Angie Andersen of Albany is grateful acute flaccid myelitis is getting attention lately. But she wonders where that attention was four years ago when the disease was paralyzing her daughter McKenzie.
The mysterious polio-like condition affects the nervous system, particularly through the spinal cord, where it causes sudden weakening or paralysis of the body's muscles and reflexes. It seems to hit young children the hardest — and it appears to be on the upswing.
Acute flaccid myelitis is rare, thought to affect fewer than 1 in a million people each year, according to the federal Centers for Disease Control and Prevention. The organization's website states the condition isn't new, but what's different is the so-far-unexplained spike in cases in the past four years, most involving children ages 4 to 7.
According to the CDC, confirmed cases of AFM skyrocketed in 2014, hitting 120 people in 34 states between August and December — including McKenzie Andersen, now 10.
The count then dwindled to 22 cases the following year, then shot back up to 149 in 2016, then fell again, to 33. So far this year, the confirmed count is at 72 of 191 suspected, with dozens of potential cases still under investigation.
Why the every-two-year jump? The CDC doesn't know. What causes AFM? That's not known yet, either, although the 2014 outbreak coincided with reports of severe respiratory illnesses caused by a form of enterovirus, which some researches suspect may play a role.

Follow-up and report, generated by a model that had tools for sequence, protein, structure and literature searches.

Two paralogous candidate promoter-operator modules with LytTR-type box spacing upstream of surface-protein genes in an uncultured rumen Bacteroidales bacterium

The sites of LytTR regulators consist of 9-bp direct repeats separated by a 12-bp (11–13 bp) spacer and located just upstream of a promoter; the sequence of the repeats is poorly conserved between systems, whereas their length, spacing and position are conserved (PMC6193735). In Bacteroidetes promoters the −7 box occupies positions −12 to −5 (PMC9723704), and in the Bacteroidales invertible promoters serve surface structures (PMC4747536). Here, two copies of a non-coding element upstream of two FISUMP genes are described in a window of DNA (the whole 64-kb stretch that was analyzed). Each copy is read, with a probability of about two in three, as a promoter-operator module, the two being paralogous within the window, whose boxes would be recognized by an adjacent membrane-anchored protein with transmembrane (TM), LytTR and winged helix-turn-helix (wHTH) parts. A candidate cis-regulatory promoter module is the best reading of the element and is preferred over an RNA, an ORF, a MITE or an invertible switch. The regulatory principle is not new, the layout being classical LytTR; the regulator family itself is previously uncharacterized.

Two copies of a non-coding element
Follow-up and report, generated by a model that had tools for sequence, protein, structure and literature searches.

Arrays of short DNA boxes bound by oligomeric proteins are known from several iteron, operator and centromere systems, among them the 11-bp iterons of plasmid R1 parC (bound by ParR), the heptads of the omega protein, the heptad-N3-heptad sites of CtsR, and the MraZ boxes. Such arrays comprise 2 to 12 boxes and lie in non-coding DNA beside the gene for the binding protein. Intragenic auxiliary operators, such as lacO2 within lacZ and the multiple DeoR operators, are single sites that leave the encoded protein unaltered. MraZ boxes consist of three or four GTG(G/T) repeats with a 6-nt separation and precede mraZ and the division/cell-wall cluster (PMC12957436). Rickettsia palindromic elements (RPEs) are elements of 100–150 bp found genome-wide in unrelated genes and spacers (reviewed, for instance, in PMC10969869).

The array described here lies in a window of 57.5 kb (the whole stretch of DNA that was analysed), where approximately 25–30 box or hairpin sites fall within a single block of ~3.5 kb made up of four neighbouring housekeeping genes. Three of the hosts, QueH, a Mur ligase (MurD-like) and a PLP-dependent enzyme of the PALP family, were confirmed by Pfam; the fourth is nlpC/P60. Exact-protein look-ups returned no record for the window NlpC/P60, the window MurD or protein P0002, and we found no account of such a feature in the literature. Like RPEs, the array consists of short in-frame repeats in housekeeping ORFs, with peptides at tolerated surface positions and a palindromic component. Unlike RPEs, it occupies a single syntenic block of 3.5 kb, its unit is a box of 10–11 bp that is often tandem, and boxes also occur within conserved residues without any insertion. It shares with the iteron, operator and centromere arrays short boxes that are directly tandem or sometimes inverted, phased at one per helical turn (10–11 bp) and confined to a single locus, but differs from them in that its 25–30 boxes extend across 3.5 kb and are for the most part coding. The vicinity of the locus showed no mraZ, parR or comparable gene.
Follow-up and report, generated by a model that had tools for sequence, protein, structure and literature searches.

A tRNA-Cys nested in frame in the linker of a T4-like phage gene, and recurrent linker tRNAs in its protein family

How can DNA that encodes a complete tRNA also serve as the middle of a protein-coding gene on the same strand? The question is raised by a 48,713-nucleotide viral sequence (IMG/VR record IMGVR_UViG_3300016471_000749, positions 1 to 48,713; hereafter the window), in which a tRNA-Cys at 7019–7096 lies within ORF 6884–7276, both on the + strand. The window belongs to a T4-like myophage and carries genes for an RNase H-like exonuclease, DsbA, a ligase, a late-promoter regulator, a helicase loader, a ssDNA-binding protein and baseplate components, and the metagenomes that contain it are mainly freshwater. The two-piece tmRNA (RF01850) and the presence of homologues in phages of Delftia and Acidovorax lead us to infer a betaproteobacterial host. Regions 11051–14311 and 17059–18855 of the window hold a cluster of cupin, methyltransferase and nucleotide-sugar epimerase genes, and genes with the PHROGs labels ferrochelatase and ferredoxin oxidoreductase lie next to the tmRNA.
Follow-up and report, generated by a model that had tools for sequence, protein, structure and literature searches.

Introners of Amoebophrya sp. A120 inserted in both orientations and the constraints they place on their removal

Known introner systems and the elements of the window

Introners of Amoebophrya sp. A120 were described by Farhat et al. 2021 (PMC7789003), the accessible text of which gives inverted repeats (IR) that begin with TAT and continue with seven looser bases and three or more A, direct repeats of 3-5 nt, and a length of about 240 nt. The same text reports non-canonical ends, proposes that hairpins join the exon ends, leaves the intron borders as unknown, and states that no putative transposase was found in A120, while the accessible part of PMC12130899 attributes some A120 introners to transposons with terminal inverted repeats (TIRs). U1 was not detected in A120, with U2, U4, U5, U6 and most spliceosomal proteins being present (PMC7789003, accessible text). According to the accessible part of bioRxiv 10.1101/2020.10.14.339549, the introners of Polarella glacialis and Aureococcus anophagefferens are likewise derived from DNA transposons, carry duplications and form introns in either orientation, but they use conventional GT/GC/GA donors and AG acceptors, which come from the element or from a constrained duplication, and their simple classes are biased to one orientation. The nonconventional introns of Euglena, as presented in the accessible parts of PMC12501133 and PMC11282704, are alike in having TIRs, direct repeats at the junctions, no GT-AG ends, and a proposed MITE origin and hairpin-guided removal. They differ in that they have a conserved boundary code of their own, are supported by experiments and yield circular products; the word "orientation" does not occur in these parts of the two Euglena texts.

How is AFM treated? No specific treatment exists yet, the CDC reports. Nor does the CDC yet have a handle on who's most at risk to get it, or what to expect, long term, for anyone afflicted by the condition.
All of the unknowns weigh heavily on Andersen, who has become an educator and advocate for children battling AFM since McKenzie, then 6, contracted what she thought at first was just a case of the Christmastime sniffles.
"They say, 'We only have 362 cases.' What if one of your children was one of the 362?" Angie said (the most recent CDC reporting confirms 396 cases). "Somebody needs to do something."
She's gratified to know the CDC is investigating the condition, but is skeptical of its insistence it is working with health care providers and state and local health departments to promote awareness. In her experience, the parents are the ones doing the promoting.
"It's been four years. What have you been doing for four years?" she said. "It would only take one child in Hollywood or in the government ... for it to get known. They would pour millions and millions of dollars into research."
Then a first-grader at Albany Christian School, McKenzie came home on her first day of winter break with the beginnings of a cold. Her mother and brother had the same thing and figured they'd simply ride it out together.